About us: We own the Wild Birds Unlimited nature shop in East Lansing, Michigan,
a store that provides a wide variety of supplies to help you enjoy the birdwatching hobby.

This blog was created to answer frequently asked questions & to share nature stories and photographs.
To contribute, email me at bloubird@gmail.com.

Saturday, May 26, 2012

What’s the best bee-proof hummingbird feeder?

Hello, I've been having a problem with honeybees taking over my hummingbird feeders over the past week. Fortunately, none of my feeders are leaking. Do you have any tips you can share that would allow me to convince the bees to move on to the flowers in my garden, and to help my hummingbirds gain access to their feeders again?

The only sure defense against bees and wasps is to deny them any access to the nectar. Before I switched all my hummingbird feeders to the bee free Wild Birds Unlimited  saucer style feeders I occasionally had a bee problem too.

Originally all my hummingbird feeders were beautiful blown glass feeders. They looked wonderful in the garden but mainly fed the bees. After we opened the Wild Birds Unlimited stores I did a little more research.

I discovered bees don't like the smell of cherries. If you swab the ports with real almond or cherry extract (purchased at any grocery store baking isle), the bees will avoid the feeder. This really works but it wears off fast and you have to reapply the extract every day.

I gave up eventually and replaced all my hummingbird feeders with the problem free Wild Birds Unlimited saucer style feeders. I’ve talked about them before. They have a built in ant moat and bees don't like it because the nectar is down low. There are also optional bee guards you can attach to allow only hummers and no bugs access. Click HERE to read that article.

If you choose not to try a new feeder or swab the ports with real cherry extract, there are a couple other tricks to try.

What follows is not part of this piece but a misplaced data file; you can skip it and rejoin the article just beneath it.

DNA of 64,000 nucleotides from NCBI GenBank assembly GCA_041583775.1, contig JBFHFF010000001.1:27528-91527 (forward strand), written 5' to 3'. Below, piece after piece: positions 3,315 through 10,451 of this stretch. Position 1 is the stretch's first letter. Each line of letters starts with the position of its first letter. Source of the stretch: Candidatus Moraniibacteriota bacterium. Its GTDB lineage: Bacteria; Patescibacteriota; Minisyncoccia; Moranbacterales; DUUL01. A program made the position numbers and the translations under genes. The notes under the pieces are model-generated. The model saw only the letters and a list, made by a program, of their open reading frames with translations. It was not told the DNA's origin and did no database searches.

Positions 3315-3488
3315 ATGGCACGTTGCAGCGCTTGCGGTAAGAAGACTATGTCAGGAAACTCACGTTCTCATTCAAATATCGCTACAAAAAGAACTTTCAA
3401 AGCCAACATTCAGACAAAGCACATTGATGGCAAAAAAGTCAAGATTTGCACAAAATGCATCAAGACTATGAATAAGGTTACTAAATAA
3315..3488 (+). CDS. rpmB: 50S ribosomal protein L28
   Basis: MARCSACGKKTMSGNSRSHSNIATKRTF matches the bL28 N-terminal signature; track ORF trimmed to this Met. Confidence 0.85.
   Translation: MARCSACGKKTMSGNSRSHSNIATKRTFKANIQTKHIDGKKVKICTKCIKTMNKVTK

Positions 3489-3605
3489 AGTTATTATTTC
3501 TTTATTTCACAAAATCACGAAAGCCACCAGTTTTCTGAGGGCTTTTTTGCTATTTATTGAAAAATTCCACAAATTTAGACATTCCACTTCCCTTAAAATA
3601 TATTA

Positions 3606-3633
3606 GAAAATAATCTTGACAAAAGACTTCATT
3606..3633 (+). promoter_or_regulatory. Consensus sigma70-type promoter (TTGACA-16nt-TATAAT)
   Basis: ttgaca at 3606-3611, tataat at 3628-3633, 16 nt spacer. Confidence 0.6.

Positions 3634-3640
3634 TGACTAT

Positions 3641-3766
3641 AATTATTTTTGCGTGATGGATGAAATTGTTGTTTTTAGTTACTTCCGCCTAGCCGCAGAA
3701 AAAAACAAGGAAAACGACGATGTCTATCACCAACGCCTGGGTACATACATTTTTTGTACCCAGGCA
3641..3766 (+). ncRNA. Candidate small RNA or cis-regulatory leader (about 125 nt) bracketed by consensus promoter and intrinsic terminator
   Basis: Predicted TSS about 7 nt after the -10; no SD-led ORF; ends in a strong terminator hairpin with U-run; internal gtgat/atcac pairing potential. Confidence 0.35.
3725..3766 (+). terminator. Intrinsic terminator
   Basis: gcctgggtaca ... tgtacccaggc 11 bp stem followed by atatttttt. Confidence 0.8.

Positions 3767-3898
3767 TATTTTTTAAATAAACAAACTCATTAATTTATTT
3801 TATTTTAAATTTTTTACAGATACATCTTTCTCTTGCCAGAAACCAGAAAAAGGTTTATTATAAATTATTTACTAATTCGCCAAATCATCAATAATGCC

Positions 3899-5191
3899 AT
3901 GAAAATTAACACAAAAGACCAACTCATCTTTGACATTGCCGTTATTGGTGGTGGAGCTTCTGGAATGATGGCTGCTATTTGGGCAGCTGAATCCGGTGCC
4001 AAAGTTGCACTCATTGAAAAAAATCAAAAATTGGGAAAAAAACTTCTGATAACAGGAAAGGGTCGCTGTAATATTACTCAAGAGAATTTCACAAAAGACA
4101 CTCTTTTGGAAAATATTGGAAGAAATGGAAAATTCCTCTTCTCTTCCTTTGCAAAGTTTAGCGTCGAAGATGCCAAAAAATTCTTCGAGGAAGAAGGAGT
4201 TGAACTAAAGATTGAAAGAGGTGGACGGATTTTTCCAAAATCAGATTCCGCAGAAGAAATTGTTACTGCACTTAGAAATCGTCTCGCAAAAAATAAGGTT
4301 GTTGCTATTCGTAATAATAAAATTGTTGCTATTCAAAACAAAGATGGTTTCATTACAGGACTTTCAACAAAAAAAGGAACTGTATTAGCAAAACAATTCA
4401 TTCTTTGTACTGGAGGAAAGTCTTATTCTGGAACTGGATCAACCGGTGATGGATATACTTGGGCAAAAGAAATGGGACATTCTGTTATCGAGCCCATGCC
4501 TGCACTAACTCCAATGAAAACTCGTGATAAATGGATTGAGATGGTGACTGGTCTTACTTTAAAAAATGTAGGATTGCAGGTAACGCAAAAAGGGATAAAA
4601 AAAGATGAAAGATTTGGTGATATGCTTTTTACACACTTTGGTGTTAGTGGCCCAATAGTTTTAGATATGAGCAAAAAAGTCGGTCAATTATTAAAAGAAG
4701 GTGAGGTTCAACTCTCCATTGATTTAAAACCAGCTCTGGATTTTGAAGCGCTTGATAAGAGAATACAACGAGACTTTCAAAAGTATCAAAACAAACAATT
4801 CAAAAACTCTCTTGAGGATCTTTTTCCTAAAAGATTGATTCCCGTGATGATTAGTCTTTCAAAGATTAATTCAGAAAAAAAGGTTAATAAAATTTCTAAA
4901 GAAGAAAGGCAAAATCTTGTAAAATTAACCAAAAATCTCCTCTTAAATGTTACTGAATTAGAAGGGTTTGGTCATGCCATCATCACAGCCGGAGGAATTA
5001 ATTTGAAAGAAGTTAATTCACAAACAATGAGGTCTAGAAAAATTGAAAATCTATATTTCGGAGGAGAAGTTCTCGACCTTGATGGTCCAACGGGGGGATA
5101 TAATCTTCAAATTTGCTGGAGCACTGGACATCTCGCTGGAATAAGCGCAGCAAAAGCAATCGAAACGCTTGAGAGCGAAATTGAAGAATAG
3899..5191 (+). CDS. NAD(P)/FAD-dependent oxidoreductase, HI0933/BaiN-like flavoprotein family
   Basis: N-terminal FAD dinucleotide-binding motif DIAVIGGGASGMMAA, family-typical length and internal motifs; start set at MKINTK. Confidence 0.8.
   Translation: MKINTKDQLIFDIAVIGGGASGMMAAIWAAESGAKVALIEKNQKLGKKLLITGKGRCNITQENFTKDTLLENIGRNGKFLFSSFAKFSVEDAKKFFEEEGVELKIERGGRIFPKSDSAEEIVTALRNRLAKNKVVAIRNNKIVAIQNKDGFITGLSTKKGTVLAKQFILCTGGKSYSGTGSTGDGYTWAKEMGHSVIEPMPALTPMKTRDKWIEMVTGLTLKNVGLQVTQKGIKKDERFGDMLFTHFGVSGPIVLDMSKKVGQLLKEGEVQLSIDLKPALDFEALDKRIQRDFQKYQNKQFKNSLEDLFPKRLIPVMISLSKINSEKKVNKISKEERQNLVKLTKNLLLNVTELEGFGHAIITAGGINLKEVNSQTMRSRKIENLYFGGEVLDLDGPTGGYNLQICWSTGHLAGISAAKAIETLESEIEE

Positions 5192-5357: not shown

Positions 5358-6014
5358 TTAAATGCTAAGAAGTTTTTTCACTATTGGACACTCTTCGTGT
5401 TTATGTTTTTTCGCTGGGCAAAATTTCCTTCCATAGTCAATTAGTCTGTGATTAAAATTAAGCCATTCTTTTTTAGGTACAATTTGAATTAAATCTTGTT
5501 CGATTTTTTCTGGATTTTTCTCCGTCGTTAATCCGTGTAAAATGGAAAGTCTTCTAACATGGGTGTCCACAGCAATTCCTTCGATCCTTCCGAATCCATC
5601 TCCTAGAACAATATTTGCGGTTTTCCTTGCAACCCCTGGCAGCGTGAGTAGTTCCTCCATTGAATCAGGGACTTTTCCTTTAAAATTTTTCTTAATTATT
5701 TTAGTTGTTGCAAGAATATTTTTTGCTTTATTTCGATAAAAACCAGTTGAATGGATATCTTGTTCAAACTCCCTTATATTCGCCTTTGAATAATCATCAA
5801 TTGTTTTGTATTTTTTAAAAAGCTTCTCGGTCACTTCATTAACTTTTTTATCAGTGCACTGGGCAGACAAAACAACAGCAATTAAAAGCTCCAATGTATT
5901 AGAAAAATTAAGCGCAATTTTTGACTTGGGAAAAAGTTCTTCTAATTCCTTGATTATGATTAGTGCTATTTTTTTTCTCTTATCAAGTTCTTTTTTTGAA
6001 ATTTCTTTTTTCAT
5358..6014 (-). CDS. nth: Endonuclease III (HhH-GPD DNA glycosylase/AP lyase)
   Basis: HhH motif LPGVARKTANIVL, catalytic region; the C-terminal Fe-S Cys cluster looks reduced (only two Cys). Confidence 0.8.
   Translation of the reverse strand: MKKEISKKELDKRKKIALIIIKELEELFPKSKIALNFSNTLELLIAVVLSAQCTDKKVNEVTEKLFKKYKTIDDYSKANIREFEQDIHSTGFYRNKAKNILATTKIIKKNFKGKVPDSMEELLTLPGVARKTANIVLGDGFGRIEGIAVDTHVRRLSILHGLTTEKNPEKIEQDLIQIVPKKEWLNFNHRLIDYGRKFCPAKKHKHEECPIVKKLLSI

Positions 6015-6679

1. The Wild Birds Unlimited store in North Carolina recommends: “Use a super-concentrated sugar water mix (two parts water, one part sugar), and pour it into a shallow plate, preferably a big yellow one (bees seem to be attracted to that color). Put the plate on a ladder or stool near the hummingbird feeder the bees are using and they will probably move over to the plate. Each day, move the plate a foot or two further away from the hummingbird feeder and eventually the bees should stop using the feeder.”

  2. Hummingbirds.net recommends: “If you choose not to try a new feeder and wasps persist, first try moving the feeder, even just a few feet; insects are not very smart, and will assume the food source is gone forever. They may never find it in its new location, while the hummers will barely notice that it was moved. If that doesn't work, take the feeder down for a day or until you stop seeing wasps looking for it. You'll see hummers looking for it, too, but they won't give up nearly as soon as the wasps. Also, reducing the sugar concentration to 1 part sugar in 5 parts water will make it less attractive to insects, but probably won't make the hummingbirds lose interest.”
I hope that helps.

Hi Sarah, Wow, thank you for that valuable information-and for the speedy reply. I put one of my feeders back up this morning, after 48 hours of being inside. Hopefully the bees will have forgotten all about them. If not, I'll be looking for cherry extract on my next trip to the grocery store.

My next feeder purchase will surely be your saucer feeder! Have a great weekend!

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